County, city in need of a Racial Equity Impact Assessment

[Source: “County, city in need of a Racial Equity Impact Assessment,” Press Citizen, 1 May 2013, by Dorothy Whiston, a member of the Johnson County Criminal Justice Coordinating Committee.]

20130501we-dorothy-whistonRacial disparities in our criminal justice system and the over-incarceration of non-violent offenders have been at crisis proportions for many years both nationally and locally. However, opposition to the justice center bond issue is the least effective way to address those concerns.

It will take years of consistent, focused work to overcome these problems. Not coincidentally, the people actively working to remedy these issues are almost all proponents of the new justice center and virtually none of those speaking against it on these grounds have been significantly involved in these on-going efforts.

A local network called the Coalition for Racial Justice (CRJ) has worked to address racial disparity in local law enforcement since 2010. The CRJ includes representatives from a couple dozen non-profits and faith communities, government officials and employees, and concerned citizens.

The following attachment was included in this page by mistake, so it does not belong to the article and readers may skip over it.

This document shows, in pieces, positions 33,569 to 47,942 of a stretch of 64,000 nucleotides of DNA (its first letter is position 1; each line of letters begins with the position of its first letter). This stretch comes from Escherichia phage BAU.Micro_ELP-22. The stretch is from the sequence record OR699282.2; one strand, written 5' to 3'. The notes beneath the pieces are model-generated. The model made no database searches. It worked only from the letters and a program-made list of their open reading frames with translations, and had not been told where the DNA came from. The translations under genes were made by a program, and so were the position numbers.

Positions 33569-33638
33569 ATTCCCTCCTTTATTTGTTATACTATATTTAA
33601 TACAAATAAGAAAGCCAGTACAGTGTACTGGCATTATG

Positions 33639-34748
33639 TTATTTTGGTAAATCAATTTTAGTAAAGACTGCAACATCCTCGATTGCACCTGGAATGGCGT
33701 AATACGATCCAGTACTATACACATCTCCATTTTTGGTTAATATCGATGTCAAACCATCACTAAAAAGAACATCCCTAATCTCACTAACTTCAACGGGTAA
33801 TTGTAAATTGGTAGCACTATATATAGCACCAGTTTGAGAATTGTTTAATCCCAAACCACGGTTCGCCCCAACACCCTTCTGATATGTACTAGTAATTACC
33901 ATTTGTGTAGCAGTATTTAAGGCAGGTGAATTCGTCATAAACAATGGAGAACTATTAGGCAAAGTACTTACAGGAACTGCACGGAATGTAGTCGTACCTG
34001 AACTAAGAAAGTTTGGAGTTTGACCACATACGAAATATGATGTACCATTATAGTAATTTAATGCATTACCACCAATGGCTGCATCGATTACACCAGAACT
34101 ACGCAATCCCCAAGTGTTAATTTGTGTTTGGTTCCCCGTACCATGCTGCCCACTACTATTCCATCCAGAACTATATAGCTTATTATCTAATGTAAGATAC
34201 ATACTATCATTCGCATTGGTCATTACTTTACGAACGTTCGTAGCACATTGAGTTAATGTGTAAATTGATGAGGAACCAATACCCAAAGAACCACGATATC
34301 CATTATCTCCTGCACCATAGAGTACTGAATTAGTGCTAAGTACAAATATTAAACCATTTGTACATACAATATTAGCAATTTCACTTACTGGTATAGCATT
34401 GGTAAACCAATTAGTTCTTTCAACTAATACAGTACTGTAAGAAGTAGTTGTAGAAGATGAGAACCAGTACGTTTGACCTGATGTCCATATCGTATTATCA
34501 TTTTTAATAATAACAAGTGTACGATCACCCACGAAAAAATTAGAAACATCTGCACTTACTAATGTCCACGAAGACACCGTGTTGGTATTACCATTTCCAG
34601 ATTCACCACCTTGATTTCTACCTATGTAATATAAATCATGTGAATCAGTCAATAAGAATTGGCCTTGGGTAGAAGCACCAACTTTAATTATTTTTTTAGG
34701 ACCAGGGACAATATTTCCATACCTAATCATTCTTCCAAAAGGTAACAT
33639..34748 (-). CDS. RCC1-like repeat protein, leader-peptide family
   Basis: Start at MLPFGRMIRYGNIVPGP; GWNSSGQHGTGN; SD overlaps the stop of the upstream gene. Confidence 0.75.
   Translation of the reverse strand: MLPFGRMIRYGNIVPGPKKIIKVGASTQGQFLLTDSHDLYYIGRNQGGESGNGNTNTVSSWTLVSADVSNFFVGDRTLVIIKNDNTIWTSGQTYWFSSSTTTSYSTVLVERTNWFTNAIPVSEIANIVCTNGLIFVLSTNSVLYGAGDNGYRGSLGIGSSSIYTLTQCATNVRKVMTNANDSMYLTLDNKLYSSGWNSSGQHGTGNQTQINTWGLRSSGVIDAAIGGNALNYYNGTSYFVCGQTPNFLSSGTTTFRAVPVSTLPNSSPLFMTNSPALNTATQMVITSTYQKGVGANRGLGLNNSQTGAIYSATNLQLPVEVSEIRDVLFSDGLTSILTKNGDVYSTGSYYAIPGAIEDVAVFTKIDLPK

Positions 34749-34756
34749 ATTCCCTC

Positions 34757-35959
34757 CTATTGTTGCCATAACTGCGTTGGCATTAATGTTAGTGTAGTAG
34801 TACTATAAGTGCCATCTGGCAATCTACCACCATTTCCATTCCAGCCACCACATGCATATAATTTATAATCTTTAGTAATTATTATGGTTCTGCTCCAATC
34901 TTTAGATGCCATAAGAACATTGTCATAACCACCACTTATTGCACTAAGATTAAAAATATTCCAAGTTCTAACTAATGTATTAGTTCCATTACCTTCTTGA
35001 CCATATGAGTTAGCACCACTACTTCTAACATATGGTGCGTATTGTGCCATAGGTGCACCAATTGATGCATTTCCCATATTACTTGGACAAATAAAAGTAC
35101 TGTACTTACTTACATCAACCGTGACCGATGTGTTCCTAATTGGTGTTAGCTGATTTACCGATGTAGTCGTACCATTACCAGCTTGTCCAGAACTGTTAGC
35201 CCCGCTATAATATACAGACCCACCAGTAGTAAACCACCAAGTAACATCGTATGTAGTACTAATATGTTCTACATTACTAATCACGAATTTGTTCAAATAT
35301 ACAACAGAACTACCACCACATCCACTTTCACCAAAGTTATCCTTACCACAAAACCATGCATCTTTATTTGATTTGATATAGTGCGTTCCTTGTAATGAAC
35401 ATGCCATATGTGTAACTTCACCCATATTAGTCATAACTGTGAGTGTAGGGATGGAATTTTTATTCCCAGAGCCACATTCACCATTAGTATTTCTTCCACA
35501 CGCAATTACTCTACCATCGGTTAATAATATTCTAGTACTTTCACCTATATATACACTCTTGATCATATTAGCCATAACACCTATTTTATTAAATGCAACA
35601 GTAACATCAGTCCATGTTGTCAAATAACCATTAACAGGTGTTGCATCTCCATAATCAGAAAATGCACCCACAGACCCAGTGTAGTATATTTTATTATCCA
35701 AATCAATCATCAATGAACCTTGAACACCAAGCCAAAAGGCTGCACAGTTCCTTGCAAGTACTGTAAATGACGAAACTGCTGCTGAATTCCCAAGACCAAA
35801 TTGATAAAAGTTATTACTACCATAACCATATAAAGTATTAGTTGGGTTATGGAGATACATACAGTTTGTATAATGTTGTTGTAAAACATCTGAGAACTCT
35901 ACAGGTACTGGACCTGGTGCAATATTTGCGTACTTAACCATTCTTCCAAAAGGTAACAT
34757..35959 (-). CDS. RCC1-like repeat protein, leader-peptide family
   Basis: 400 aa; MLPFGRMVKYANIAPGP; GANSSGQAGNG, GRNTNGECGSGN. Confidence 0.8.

The CRJ helped get the Iowa City Council to set up an Ad Hoc Diversity Committee last September to look at policing. That committee’s report of March, 2013, has several recommendations, including that the Iowa City Police Department shift its approach to minority communities from “control and monitor” to “protect and serve.”

The report also proposes the city adopt a community policing model and conduct a comprehensive Racial Equity Impact Assessment. These are important first steps since most arrests in the county are by the ICPD.

Now we must all keep the pressure on the city to act on these recommendations.

Conducting an Racial Equity Impact Assessment to focus efforts at overcoming racial disparities is the national standard of practice for achieving evidence-based outcomes. Johnson County has already committed to undertaking such an assessment.

The majority of incarcerated non-violent offenders are people with chronic mental illness and/or serious substance abuse problems. We already have a mental health diversion program that is a national model and our substance abuse diversion and treatment programs are also quite good.

Sadly, no more can be done in these areas until there is adequate space in the jail and courthouse.

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About the Author. Dorothy Whiston is a member of the Johnson County Criminal Justice Coordinating Committee.

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